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from Dean Meyers

Curiosity is the glue to a good story

istock_000004387778xsmall“What’s coming next?”

That’s the question you want every listener and every viewer to ask. You want edge-of-the-seat, gripping-the-chair attention. You want silence in the room as every eye is on you. If you’re using a whiteboard to make a presentation, you want everyone to get excited as you go to the board to draw the next chart, write the next big keyword, flip the page to make a point.

Beyond interest lies curiosity. That’s what drove humans to find better ways to hunt, explore new lands,  create art.

Examining your presentation, your graphic design, your next blog post, what evokes curiosity? Here are some tips:

1) Build the story. Give a setup: “here’s the situation, the problem”.

2) Describe the outcome that is hoped for.

3) Describe how you propose to make that happen.

Simple, right? So why do so many presentation go down the rabbit hole of too much detail and no end in sight? Good stories are about action. Create energy with action…what are the actions that will make your outcome happen?

Visual tips: cut down the bullet points and write action words. Use a picture instead of a word if you can find one.

And, perhaps my favorite suggestion, when you’re giving a talk or presenting with slides:

Take a breath and pause after you’ve hit a key point. Give it time to sink in. Create suspense by not rushing from slide to slide, from point to point, spewing out facts or running down a list.

Control the pace of your story, and you’ll create a lot of interest not only in the story you’re telling but in you, the storyteller. Read the rest of this entry »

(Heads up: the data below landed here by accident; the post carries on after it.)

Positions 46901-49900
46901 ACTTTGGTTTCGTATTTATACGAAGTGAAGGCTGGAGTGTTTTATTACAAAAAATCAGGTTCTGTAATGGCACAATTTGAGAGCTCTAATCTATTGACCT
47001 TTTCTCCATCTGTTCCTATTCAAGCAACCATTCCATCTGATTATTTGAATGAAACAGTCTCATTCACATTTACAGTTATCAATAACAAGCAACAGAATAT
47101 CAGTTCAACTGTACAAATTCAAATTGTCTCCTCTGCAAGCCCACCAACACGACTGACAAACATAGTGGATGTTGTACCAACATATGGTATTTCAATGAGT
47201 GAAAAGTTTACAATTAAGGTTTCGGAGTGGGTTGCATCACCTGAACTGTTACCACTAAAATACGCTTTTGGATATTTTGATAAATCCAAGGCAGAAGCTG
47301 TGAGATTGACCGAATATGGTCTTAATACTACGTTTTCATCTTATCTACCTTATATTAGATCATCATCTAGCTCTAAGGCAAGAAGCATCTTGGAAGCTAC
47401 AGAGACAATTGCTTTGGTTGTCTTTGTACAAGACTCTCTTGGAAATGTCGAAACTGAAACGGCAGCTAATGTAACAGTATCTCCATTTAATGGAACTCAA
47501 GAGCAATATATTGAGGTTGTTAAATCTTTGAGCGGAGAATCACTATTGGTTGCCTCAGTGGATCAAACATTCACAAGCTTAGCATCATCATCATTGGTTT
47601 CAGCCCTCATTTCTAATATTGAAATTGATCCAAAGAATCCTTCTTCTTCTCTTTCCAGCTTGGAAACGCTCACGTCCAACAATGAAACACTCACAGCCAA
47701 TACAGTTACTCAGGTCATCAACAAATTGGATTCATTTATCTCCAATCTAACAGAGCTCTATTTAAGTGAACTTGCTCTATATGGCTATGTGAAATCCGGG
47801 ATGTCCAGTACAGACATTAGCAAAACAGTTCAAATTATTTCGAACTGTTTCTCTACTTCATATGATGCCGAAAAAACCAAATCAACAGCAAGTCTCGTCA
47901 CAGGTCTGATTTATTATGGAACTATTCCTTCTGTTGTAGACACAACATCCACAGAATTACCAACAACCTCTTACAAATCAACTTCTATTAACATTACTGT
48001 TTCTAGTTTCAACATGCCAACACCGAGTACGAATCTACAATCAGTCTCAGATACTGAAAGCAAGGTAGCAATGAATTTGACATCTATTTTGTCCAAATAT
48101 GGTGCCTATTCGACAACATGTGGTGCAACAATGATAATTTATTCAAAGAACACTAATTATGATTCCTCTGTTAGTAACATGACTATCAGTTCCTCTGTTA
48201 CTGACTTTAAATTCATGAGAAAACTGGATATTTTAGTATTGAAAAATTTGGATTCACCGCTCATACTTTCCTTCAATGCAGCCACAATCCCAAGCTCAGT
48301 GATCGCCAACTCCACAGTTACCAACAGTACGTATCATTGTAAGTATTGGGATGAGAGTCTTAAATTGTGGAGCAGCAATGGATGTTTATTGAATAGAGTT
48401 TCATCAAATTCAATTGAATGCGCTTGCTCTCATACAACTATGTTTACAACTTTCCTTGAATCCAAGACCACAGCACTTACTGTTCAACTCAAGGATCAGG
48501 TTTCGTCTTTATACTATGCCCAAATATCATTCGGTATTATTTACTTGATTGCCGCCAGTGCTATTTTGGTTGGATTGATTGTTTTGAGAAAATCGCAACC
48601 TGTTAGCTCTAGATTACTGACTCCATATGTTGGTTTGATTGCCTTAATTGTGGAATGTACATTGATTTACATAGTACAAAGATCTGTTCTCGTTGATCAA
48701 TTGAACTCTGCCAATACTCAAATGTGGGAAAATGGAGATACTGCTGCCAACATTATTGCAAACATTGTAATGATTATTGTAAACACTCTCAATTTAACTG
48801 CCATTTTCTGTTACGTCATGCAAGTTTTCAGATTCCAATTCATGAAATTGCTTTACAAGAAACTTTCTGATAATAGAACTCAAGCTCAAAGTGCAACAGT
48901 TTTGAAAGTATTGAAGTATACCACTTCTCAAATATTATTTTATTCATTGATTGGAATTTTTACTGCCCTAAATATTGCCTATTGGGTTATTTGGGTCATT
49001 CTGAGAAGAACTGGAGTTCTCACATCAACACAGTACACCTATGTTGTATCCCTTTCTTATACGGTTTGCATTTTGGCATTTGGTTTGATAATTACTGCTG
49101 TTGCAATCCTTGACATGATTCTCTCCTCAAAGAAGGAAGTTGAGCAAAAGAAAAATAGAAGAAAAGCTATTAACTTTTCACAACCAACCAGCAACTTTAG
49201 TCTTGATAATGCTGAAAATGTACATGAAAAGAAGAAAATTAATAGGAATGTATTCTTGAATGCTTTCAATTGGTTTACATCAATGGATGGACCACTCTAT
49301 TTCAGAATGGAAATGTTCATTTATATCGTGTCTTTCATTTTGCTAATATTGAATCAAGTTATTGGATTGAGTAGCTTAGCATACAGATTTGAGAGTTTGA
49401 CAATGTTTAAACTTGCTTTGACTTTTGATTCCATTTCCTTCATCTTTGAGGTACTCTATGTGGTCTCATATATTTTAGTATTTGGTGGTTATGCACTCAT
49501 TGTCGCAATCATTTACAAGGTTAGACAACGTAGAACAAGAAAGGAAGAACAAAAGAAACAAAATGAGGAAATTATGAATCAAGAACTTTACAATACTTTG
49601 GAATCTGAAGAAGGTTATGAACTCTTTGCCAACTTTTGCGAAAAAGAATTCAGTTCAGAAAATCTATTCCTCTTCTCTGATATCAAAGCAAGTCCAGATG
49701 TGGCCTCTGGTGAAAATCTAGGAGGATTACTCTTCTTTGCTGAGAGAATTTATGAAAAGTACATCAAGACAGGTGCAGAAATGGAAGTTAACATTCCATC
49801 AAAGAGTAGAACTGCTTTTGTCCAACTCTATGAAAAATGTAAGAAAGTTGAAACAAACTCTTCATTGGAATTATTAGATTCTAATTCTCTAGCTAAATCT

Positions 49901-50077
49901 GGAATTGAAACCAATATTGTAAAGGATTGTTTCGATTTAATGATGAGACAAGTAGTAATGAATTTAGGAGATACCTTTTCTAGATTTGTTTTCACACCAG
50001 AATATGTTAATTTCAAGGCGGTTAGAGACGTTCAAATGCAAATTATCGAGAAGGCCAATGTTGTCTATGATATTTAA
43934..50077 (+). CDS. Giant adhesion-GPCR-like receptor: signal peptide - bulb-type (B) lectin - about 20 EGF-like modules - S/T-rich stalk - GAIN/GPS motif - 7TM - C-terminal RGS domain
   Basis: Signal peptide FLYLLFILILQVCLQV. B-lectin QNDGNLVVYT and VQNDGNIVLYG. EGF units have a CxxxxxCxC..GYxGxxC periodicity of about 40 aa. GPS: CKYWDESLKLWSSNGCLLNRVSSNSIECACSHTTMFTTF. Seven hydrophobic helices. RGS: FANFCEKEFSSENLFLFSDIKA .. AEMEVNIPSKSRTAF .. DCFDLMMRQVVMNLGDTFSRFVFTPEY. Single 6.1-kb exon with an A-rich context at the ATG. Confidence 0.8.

Filed under: Presentation Skills, social media, Storytelling, , ,

A High-resolution super graphic — thank you Edward Tufte!

viznotes - a High-resolution Super Graphic

viznotes - a High-resolution Super Graphic

Following the advice of Edward Tufte, Yale professor emeritus and graphic/presentation/statistical genius and visionary, I created a “High-resolution Super Graphic” at the seminar I attended yesterday. Please feel free to download it [large PDF version]. Relish my misspellings, and note that he spoke of “multivariate” displays/analysis (read his: Envisioning Information, p15, Visual Explanations, p.110, and most extensively, Beautiful Evidence, pp. 129-130, not “multivariable problems”, which is how I heard it.

Hi-tech tools used: Unruled spiral sketchbook, Pelikan fountain pen, Aurora fountain pen, Flair pen (when the Pelikan ran out of Aurora black ink).

Filed under: Presentation Skills, Visual Problem-Solving, , , , ,

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